In a nutshell, that sums up much of the never Trump nonsense, doesn’t it? I can’t say with complete confidence that it is choosing one’s paycheck over one conscience, but it sure looks that way. In fact, it stinks of selling out, for a price, to the globalists, who seem to think that the most important part of trade is a cheap workforce. Of course, it also provides a way to prevent competition from other smaller companies (and individuals) who might just find a better way to make things in America (or Britain for that matter). And that’s even better for the corporatists.


A Time for Choosing

Gavin Ashenden has a few comments on the plan of the Sussex’s ‘to carve a progressive role’. I couldn’t agree more with him when he says:

There is a tragic element to the blinkeredness and immaturity that mistakes a bid for independence as ‘carving a progressive role.’It isn’t that at all of course. In reality it is choosing between two competing philosophies or ethics. One, which the monarchy is founded on and depends on, is a Christian one in which doing one’s duty on behalf of others takes priority over self-interest. The other is a concentration on self-interest and self expression (however it is justified) at the expense of self-sacrifice and duty.The problem for the Sussexes is that they  have chosen to put their own self-interests before their public  duty and family. It has been tried before both by ordinary people and by prominent people like Edward 8th. The tragedy is that it almost always ends in a growth of self-pity and sadness.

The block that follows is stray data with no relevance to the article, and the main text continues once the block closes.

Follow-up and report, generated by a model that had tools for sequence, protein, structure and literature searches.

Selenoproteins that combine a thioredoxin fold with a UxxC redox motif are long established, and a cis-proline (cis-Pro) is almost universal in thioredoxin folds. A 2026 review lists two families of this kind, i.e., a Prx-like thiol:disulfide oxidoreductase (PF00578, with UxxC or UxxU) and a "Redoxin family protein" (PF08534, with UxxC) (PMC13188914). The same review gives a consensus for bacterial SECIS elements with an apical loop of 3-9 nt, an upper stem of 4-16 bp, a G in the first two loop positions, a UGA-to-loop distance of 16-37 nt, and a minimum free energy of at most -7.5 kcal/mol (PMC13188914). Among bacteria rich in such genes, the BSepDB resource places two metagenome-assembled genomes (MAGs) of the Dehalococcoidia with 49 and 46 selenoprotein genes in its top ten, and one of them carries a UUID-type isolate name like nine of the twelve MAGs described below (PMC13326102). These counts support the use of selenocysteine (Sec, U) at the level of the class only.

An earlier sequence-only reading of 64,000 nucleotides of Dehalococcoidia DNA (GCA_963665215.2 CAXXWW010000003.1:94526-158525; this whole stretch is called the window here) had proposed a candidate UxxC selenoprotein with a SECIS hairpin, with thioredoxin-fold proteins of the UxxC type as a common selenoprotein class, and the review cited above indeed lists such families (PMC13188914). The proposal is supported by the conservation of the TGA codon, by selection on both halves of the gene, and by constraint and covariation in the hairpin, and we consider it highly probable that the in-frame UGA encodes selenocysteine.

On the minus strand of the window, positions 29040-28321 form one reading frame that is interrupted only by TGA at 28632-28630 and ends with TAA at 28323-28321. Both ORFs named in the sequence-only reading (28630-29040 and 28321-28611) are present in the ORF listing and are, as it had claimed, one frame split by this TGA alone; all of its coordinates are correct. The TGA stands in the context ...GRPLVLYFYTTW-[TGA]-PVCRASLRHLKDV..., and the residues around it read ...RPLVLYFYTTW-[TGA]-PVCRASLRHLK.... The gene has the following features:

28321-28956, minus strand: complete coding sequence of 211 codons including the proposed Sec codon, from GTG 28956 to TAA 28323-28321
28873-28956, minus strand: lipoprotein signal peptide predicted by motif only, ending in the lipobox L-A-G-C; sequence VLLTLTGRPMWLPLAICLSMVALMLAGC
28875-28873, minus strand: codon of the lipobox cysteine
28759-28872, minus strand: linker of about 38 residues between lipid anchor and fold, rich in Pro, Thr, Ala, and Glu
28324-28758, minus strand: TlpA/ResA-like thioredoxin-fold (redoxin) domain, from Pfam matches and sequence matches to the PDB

I can’t say I’m especially surprised, Meghan (or should that be ‘Me Again’?) like most actresses appears to have more ego than sense, not to mention an overdeveloped sense of entitlement, and an addiction to saying ‘Me, me, me!’ incessantly. Harry if he read his family history ought to know better though, and has shown some real leadership at times.

If one were to look at his grandmother’s and especially her mother’s life, one would see just how hard a taskmaster duty can be, even when it comes in a gilded carriage. But as General Lee often noted:

Duty, then is the sublimest word in our language. Do your duty in all things. You cannot do more; you should never wish to do less.

It is a very high and hard standard, in both stories today. But nothing less is acceptable in free people.